bio | website | icecreambreakfast.com/… |
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location | Pittsburgh, Pa | |
age | ||
visits | member for | 3 years, 7 months |
seen | Aug 20 at 21:20 | |
stats | profile views | 862 |
I'm highly interested in algorithms for computing arithmetic summatory functions, Linnik's identity, arithmetic summatory functions generally, and especially the role of divisor-style functions in those spaces.
Jul 2 |
awarded | Curious |
Apr 22 |
asked | Can the generalized divisor summatory function $D_z$ be expressed explicitly in terms of Zeta Zeros? |
Apr 1 |
awarded | Notable Question |
Dec 13 |
awarded | Tumbleweed |
Dec 6 |
asked | In this prime counting identity, can this limit of a sum be expressed as integrals? |
Oct 23 |
asked | A generalization of alternating series involving modulus? |
Jun 25 |
awarded | Promoter |
Jan 14 |
revised |
Any published references for this $O(n)$ time, $O(n^\epsilon)$ space identity for the count of primes?
Added more justification and examples for the time and space bound claims. |
Dec 20 |
comment |
Any published references for this $O(n)$ time, $O(n^\epsilon)$ space identity for the count of primes?
Charles: I suppose I did mean $O(n^\epsilon)$. Anyway, in neither implementation are any values memoized. This is especially easy to see in the first C implementation I linked to. If you skim the 25 lines of code of the actual algorithm, you can see it's literally transcribing the identity I'm asking about verbatim. No tricks or cleverness (aside from specializing D_1 for constant time speed improvement). Aside from pushing functions onto the stack to a depth of $\log_2 n$, no memory is ever allocated. Also notice my edit; sorry about that. |
Dec 20 |
revised |
Any published references for this $O(n)$ time, $O(n^\epsilon)$ space identity for the count of primes?
Fixed an error in the identity - a specific specialization is required for it to work. |
Dec 20 |
revised |
Any published references for this $O(n)$ time, $O(n^\epsilon)$ space identity for the count of primes?
Fixed Memory Bound notation |
Dec 20 |
revised |
Any published references for this $O(n)$ time, $O(n^\epsilon)$ space identity for the count of primes?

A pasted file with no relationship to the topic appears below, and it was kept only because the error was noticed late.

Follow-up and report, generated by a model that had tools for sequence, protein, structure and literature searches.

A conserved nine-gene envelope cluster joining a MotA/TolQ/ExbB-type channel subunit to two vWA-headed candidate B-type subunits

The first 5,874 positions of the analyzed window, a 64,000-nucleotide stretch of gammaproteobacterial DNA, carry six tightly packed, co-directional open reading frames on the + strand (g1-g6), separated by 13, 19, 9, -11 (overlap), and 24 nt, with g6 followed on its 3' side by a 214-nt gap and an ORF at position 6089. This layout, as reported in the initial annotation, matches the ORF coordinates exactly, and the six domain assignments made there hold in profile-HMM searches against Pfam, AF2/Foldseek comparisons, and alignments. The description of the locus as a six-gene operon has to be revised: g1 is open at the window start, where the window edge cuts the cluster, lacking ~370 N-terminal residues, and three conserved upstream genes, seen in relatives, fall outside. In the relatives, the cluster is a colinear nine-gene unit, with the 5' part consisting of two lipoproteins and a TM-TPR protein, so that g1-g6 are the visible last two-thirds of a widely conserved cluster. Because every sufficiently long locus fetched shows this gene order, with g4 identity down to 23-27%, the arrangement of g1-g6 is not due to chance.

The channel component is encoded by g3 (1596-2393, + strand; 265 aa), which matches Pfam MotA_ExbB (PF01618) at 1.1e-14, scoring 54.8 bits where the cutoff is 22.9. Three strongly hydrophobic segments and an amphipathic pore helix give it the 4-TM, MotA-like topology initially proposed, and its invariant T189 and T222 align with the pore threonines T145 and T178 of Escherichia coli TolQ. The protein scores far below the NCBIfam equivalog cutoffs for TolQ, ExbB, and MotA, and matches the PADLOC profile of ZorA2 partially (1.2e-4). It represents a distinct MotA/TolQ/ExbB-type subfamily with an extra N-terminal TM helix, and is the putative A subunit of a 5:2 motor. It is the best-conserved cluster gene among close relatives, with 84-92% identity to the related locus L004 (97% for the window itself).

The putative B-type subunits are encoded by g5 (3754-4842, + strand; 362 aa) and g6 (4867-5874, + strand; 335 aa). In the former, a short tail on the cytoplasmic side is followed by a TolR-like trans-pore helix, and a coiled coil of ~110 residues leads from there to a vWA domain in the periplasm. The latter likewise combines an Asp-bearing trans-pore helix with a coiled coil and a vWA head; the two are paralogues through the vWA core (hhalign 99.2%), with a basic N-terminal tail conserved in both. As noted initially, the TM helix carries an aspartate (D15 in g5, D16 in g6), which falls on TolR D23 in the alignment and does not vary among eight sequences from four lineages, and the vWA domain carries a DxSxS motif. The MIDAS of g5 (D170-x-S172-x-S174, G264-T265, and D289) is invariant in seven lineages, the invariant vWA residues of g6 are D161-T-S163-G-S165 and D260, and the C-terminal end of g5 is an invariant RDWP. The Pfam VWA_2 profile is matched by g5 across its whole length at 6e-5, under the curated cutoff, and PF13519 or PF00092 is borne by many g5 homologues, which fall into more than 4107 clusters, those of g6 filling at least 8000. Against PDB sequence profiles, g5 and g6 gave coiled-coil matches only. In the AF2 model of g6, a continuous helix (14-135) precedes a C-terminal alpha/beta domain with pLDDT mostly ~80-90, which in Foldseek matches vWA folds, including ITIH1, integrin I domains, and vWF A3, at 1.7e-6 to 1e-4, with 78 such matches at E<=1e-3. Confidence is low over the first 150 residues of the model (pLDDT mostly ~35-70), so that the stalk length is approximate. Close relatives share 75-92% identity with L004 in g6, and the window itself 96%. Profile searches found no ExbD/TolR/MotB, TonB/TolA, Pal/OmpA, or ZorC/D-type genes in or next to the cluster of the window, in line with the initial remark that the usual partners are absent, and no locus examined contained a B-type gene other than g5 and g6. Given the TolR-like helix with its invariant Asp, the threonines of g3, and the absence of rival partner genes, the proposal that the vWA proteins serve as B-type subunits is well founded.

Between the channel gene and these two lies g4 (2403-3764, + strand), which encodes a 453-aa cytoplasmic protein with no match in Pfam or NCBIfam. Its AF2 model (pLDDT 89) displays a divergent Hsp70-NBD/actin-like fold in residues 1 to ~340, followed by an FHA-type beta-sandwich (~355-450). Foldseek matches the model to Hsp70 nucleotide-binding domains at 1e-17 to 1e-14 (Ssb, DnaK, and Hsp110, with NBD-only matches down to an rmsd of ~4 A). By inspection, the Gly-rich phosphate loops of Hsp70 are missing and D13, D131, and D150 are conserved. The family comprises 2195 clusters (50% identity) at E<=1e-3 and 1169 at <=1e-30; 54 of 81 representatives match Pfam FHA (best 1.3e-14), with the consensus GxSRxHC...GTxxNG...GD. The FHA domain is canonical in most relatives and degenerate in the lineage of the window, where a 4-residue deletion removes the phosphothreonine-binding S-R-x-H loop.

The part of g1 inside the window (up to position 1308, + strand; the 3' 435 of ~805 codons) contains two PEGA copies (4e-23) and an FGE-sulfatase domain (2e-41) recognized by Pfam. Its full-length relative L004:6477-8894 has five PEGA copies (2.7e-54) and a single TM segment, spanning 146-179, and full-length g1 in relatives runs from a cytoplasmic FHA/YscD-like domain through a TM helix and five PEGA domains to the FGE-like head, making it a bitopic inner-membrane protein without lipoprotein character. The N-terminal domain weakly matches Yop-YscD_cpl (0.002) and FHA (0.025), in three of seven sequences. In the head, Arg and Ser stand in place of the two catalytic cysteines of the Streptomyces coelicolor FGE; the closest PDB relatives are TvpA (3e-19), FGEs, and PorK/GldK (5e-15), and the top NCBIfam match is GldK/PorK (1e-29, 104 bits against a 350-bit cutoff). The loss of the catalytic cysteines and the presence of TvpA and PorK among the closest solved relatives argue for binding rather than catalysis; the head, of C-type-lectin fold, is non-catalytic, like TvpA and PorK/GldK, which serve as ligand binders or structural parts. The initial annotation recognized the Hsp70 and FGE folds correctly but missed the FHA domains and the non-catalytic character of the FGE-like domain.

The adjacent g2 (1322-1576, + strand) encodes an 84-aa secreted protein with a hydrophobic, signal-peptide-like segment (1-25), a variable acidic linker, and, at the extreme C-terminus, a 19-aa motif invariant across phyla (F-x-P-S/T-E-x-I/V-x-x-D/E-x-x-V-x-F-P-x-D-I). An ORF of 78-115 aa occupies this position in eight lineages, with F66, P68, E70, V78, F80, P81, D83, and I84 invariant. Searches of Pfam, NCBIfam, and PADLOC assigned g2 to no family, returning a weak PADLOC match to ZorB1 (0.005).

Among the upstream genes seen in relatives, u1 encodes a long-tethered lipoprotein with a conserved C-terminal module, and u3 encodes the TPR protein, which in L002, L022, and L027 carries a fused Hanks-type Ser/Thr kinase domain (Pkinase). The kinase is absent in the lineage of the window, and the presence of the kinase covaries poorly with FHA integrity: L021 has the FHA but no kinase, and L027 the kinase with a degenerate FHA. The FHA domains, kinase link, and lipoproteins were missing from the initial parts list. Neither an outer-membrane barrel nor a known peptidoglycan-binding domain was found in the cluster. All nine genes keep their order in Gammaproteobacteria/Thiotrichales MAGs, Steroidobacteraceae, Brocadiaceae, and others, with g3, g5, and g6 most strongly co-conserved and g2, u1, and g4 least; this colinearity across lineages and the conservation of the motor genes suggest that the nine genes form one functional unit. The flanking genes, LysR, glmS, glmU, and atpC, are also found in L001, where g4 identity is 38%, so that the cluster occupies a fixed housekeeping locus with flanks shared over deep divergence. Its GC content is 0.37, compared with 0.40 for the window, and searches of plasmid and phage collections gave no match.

Added some clarifying references |
Dec 19 |
comment |
Any published references for this $O(n)$ time, $O(n^\epsilon)$ space identity for the count of primes?
Oh - epsilon. Negligible. Probably $\log n$ or thereabouts, because the recursive depth of $D_{k,a}(n)$ grows at roughly $\log n$ Essentially it doesn't use any memory at all for practical purposes. |
Dec 19 |
asked | Any published references for this $O(n)$ time, $O(n^\epsilon)$ space identity for the count of primes? |
Jun 22 |
accepted | The relationship between the Dirichlet Hyperbola Method, the prime counting function, and Mertens function |
Jun 22 |
comment |
The relationship between the Dirichlet Hyperbola Method, the prime counting function, and Mertens function
Thanks Terry. Given that my question was a bit vague, this is some great stuff for me to chew on. |
Jun 8 |
awarded | Enthusiast |
Jun 6 |
revised |
Logarithmic Integral of n^Zeta Zeroes and certain nested sums of the fractional part function
Clarified question further to highlight my focus on the divisor summatory function |
Jun 6 |
comment |
Logarithmic Integral of n^Zeta Zeroes and certain nested sums of the fractional part function
That exhausts my ideas, I think. So that's the core of my "other techniques" question - 1) are there other ways of expressing $H_k(n)$ (or $D_k(n)$) that lead to any interesting observations in my (4)? And particularly, are there any clever ideas for combining any of those alternative expressions with symmetries between, say, $H_2(n)$ and $H_3(n)$ and $H_4(n)$ and so on, which all jump in ways that share some connections? |
Jun 6 |
comment |
Logarithmic Integral of n^Zeta Zeroes and certain nested sums of the fractional part function
Obviously my Extra section is another such idea for $H_k(n)$. Additionally, $D_k(n)$ and $H_k(n)$ can be expressed with generalizations of the Dirichlet Hyperbola method. If you look at mathoverflow.net/questions/97694/…, equation (4) from that page one way of writing that generalization. On that page, $D_{2,2}(n)$ is your $H_2(n)$, $D_{3,2}(n)$ is your $H_3(n)$, and so on. I'm still trying to figure out if using those equations in my (4) above leads anywhere interesting. |